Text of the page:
Here is a great problem adapted from

The key to this problem is using the landmark fraction of 5/8 to find the rest of them. Thinking about the numbers in terms of money is very helpful, as it contextualizes the problem into something that is more easily understood. The next great aspect of it is that it forces the children into making a table, or a ratio comparison chart.

Where to start? Some students will look right away at 5/8 and see that we can easily find the 90kg bag by just making an equivalent fraction (5 x 18 =90 and 8 x 18=144, therefore the 90kg bag costs $144.

The easiest way to do this problem is to find the landmark fraction for 10kg a bag. Though 10kg is not on the list, the fact that customers scoop their own bags leads you to believe that 10kg would be possible. So, if we take our initial 5/8, and make an equivalent fraction (5x2=10 and 8x2=16, therefore a 10kg bag costs $16). With this information we can solve for 1kg, again by using equivalent fractions. We find that 1kg costs $1.60. From here, the rest falls into place using equivalent fractions and multiplication (or division).

Great problem solving skills, though it will need a lot of previous scaffolding in using equivalent fractions.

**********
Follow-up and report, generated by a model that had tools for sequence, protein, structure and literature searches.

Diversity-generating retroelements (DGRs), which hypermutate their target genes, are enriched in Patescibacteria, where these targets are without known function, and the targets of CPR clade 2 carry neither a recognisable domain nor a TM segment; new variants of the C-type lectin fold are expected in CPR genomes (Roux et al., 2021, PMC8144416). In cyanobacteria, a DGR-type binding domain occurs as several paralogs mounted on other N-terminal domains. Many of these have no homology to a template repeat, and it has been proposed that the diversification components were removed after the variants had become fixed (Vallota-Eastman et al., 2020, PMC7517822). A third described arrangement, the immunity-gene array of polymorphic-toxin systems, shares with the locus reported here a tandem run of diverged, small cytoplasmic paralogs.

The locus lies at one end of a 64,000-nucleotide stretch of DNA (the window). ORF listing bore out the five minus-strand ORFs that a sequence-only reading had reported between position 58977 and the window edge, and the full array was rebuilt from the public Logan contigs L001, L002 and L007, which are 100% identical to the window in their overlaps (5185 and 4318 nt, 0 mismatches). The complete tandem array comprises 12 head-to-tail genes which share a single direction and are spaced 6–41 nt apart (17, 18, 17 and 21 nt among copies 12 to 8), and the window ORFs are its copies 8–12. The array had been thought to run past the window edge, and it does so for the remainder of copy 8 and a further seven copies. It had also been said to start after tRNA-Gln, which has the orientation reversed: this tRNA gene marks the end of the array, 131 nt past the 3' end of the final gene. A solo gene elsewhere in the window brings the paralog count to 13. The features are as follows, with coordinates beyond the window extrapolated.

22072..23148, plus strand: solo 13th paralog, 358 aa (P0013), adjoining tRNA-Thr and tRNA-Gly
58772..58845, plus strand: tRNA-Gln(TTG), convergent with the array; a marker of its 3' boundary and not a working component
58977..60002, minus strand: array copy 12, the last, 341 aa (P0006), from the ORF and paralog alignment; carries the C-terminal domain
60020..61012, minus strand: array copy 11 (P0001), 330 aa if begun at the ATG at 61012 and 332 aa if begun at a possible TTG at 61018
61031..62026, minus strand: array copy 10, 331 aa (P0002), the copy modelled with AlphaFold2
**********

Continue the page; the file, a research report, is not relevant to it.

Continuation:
*Contexts for Learning Mathematics by Cathy Fosnot*The key to this problem is using the landmark fraction of 5/8 to find the rest of them. Thinking about the numbers in terms of money is very helpful, as it contextualizes the problem into something that is more easily understood. The next great aspect of it is that it forces the children into making a table, or a ratio comparison chart.

Where to start? Some students will look right away at 5/8 and see that we can easily find the 90kg bag by just making an equivalent fraction (5 x 18 =90 and 8 x 18=144, therefore the 90kg bag costs $144.

The easiest way to do this problem is to find the landmark fraction for 10kg a bag. Though 10kg is not on the list, the fact that customers scoop their own bags leads you to believe that 10kg would be possible. So, if we take our initial 5/8, and make an equivalent fraction (5x2=10 and 8x2=16, therefore a 10kg bag costs $16). With this information we can solve for 1kg, again by using equivalent fractions. We find that 1kg costs $1.60. From here, the rest falls into place using equivalent fractions and multiplication (or division).

Great problem solving skills, though it will need a lot of previous scaffolding in using equivalent fractions.

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